It is difficult to produce loads of even 600 pounds on a rappel. Jeff Fassett and I measured the force produced on an anchor during a double-rope rappel using a dynamometer. Not surprisingly, during normal rappelling the force on the anchor was simply body weight (in our measurements, 150 pounds). In this case, the load on the flat overhand is 75 pounds. Even with rigorous 5-foot deadfalls close to the anchor, e anchor, we were unable to produce a load greater than 600 pounds on the anchor. In this case, the load on the flat overhand is only 300 pounds. (These tests were conducted with a heavily-used 10.2 mm Beal dynamic line and a 150 pound person.)

Based on these measurements, the following conclusions can be drawn: The flat overhand is about 18 times stronger than it needs to be for rappelling when using two single, dry ropes, and rappelling normally. Very aggressive rappelling may cut this margin down to a 5-fold difference. Under the worst of conditions tested (two soaking wet ropes of different diameters), the flat overhand is still 12 times stronger than the anticipated load on the anchor. Very aggressive rappelling may cut this margin down to a 3-fold difference. Even if the “roll load” of the knot is exceeded, it would take repeated, increasing loads to cause additional knot inversions.

What’s the best way to tie in to the anchor on multipitch climbs?

Climbers will generally attach themselves to the anchor with a clove hitch on their rope. Sometimes people will use a Personal Anchor System, slings, or another tether to clip in.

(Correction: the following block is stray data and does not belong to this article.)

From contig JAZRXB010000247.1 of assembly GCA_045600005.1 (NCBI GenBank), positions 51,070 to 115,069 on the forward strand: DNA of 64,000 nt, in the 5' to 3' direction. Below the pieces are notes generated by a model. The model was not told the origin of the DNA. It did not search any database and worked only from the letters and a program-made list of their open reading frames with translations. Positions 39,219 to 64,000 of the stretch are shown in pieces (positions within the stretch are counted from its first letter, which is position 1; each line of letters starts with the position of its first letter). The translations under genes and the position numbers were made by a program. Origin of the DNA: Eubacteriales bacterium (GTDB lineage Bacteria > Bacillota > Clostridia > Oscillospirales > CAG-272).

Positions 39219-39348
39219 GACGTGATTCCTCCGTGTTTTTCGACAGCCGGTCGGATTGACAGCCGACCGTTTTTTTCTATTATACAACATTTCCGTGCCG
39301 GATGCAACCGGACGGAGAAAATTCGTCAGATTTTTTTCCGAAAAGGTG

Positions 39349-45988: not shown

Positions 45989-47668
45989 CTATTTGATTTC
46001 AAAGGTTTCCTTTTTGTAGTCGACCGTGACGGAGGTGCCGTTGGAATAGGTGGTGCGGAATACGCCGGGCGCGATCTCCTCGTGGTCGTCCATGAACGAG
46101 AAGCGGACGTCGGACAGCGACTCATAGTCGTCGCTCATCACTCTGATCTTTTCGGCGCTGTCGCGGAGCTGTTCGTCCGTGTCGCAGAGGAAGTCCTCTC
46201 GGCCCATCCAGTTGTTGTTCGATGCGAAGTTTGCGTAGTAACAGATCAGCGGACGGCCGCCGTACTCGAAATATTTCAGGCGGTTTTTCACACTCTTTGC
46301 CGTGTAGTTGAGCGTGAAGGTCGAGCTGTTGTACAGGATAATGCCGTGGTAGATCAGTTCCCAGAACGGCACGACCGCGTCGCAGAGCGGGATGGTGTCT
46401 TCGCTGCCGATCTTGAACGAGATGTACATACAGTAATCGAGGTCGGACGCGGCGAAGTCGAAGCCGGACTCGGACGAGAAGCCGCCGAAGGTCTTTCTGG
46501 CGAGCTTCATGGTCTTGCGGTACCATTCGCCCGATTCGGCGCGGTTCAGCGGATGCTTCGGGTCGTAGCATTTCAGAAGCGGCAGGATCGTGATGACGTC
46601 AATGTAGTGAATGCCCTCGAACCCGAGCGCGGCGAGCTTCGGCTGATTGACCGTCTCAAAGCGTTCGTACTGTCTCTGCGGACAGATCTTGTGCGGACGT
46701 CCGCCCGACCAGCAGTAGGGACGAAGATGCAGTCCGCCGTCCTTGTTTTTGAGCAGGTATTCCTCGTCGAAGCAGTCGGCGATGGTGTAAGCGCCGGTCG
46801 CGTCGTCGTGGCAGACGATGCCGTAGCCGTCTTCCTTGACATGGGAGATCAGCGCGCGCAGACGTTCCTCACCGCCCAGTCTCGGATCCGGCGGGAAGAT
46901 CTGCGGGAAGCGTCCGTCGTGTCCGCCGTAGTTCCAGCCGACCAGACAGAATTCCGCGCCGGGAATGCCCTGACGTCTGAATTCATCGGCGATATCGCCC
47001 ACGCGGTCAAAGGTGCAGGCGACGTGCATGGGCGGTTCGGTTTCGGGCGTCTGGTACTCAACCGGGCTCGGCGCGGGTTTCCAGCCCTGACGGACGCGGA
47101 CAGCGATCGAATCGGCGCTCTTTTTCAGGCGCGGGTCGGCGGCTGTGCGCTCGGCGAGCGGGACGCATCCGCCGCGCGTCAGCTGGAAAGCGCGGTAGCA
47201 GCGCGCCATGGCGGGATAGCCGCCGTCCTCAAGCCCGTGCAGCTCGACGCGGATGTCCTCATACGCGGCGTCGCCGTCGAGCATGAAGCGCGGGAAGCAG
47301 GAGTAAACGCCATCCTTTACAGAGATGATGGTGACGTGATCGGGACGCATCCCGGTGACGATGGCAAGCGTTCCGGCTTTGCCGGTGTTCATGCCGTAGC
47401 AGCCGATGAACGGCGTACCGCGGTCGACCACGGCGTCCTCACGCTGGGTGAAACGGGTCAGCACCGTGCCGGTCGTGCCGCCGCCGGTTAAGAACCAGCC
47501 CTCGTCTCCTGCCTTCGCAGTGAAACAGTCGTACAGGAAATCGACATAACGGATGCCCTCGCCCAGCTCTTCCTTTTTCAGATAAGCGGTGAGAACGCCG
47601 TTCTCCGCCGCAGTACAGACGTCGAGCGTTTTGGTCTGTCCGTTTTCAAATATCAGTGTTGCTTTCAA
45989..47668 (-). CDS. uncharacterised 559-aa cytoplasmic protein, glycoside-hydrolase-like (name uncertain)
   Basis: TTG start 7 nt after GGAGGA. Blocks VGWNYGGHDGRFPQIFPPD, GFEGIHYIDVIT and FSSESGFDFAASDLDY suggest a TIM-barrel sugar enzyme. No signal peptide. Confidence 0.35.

Daisy chains have limited usefulness if you are not aid climbing. They are bulky and are a poor means attaching to the anchor. Slings and Personal Anchor Systems are not as bulky as you may be carrying them for your climb, but are also not the best choice for tying in.

Consider these facts:

  1. The rope’s there anyway. Use of a daisy chain or PAS adds unnecessary items you carry on the route.
  2. The rope is much more adjustable. A clove hitch can be adjusted seamlessly to any length, while most daisy chains or personal anchors are limited to ~4 feet. This will leave you in a hanging belay if the best stance is six feet below the anchor.
  3. The rope is resistant to being cut.
  4. The rope is better able to absorb shock loads than a daisy chain. Some people argue that this is incorrect over a short length of rope. We decided to test this to find out.

Jeff Fassett and I conducted a simple test using a dynamometer attached to a bolted anchor. In the first part of the test, I attached to the anchor using a daisy chain so that i hung freely two feet below it. With a backup rope in place, I pulled myself up a few inches and let go so that I fell statically on to the anchor. The force on the anchor was shocking – the dynamometer measured a peak force of 900 pounds on the first drop. I subsequently took slightly further falls, and found that the force on the anchor was over 2,000 pounds when falling just one foot. I stopped at this point simply for comfort.

In a test performed by Tim Holden, Bill May, & Rich Farnham, a test dummy produced peak loads over 2,000 pounds when taking factor 1 falls on daisy chains. The paper containing this test can be found at